NLC, IWU AND JOURNEY TO SELF DESTRUCTION
NLC, Iwu and journey to self-destruction
By GBADEBO LAWAL
Thursday, March 11, 2010
How are the mighty fallen and the instruments of war destroyed. Times were when the Nigeria Labour Congress, NLC, spoke for the nation. Yes, it spoke and the nation reverberated in unism, poised for showdown with all enemies of the people and progress. Times were when it spoke, and Nigerians stood up to be counted, calling the bluffs of even the military and their bullets.
Times were when the NLC spoke, and open-toothed dictators and dark goggled dictators alike shivered and wetted their panties. Indeed, times were when the NLC's breathe caused tremors in the camps of the enemy.
But that was then- the fast fading good old days when national interest was always uppermost; when the NLC eschewed partisan politics, fought the course of the nation with clean hands and pure heart. Yes, looking at the present with the mirror of yesterday, memories of the NLC as the unarguable conscience of the nation and the memories of the vibrant and incorruptible leadership of its veterans come rushing back.
In fact, the fast decadence of NLC under its present crop of leaders, makes the charismatic, focused, and trustworthy leadership of Comrade Adams Oshiomole of just yesterday look like it occurred centuries ago. And it is a palpable sign of deterioration of any group when people begin to yearn for its past so passionately over its present. That is why I am definitely paranoid over the growing loss of public confidence in the present crop of the NLC leadership.
We are moved to understand, once again, that big frame neither makes big brain nor does it necessarily confer bigger leadership qualities. Here is an NLC leader that lacks charisma, character, and consistency- the most treasured qualities in labour leadership. An Oshiomole-like leader, for instance, would have spoken up and acted vibrantly in the face of the abuse of our sensibilities by a few individuals who have grabbed the nation by the scrotum over Yar'Adua's French leave.
Worse still the alleged N500 million bribery scandal is a big hole in the integrity vista of the NLC leadership. I have chosen to believe it didn't happen- lest I die of a heart attack. Wise people don't take bribes (cash or kind) from the government anywhere in the world. The result is always scandalous since the intentions are always to mess up the beneficiaries.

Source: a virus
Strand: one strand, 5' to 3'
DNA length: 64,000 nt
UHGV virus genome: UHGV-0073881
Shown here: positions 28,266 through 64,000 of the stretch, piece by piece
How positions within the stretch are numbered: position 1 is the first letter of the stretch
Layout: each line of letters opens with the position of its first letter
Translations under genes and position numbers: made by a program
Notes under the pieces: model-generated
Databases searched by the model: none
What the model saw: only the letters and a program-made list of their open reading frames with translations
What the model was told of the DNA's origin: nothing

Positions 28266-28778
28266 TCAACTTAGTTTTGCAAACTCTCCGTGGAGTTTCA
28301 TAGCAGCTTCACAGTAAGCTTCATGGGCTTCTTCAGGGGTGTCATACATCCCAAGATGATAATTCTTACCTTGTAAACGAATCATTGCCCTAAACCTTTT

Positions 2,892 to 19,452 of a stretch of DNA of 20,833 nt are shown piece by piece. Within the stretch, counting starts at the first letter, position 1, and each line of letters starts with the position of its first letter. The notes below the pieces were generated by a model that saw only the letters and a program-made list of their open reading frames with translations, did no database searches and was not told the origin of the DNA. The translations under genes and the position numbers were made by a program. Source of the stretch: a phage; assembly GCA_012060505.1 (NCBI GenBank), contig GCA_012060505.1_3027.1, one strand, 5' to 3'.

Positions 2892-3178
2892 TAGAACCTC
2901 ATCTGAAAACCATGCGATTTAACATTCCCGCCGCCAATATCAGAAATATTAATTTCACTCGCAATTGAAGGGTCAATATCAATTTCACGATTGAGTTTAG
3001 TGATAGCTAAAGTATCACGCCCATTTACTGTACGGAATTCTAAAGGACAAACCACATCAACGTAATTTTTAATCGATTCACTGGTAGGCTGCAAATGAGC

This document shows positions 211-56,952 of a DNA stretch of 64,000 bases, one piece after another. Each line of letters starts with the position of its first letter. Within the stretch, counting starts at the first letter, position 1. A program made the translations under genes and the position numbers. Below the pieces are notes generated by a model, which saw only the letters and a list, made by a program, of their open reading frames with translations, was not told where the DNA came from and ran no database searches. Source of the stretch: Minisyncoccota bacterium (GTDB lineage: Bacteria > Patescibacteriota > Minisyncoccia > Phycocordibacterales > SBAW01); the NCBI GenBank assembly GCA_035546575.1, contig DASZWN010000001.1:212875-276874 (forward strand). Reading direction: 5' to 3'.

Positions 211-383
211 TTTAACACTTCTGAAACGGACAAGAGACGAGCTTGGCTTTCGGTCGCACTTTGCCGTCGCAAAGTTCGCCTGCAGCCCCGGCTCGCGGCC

The same government and its agents will leak the facts of the transactions and instruments of compromise to the press. But looking at the NLC's lukewarm attitudes on some recent national issues, the expunging of its statement of January 19, 2010 against deregulation from its website and the internal crises of confidence even within its leadership and between its leadership and affiliate organisations and the civil society allies, I grow paranoid. You look again at its folktale-like that it maintained silence over the Yar'Adua saga so as not to overheat the polity and also to prevent a situation in which some nefarious interests would cash in on that to truncate our democracy, then you cannot afford not to pity the NLC a great deal.
Unfortunately, just when we thought the National Executive Committee (NEC) convoked in Kaduna last week was to settle the bribery scandal rocking its ranks, re-strategize on means of self-rediscovery, the resurrection of its voice and vibrancy, it turned out that NLC woke up on the wrong side of the bed, and the whole meeting turned out to be about just one man- Maurice Iwu, not even the INEC as an institution. It is also ironical their reason for planning to hold a march to call for Iwu's removal was over the Anambra election. I didn't really believe it, but now I do believe that some persons reason from the anus.
So, of all the conflagrations of imminent problems facing the nation, all that seems most important to NLC leadership is to stage a rally against one man over an election local and international observers, including the UK High Commission and the observation board led by the NBA first National Vice Chairman had adjudged free,
fair, and credible? Something is definitely fishy! That was exactly the source of Ezeulu's tragic end in Chinua Achebe's 'Arrow of God'. I conclude that these personalised attacks against one man- Iwu- bears every imprimatur of abuse of office. That is the bane of our nation and a sure path to self destruction. But this deviousness and petty interests should stop. NLC, when it decides to wake up, should do so on the right side of the bed and repackage itself as an unbiased and potent voice of the masses.
•Lawal Public Analyst, Ilorin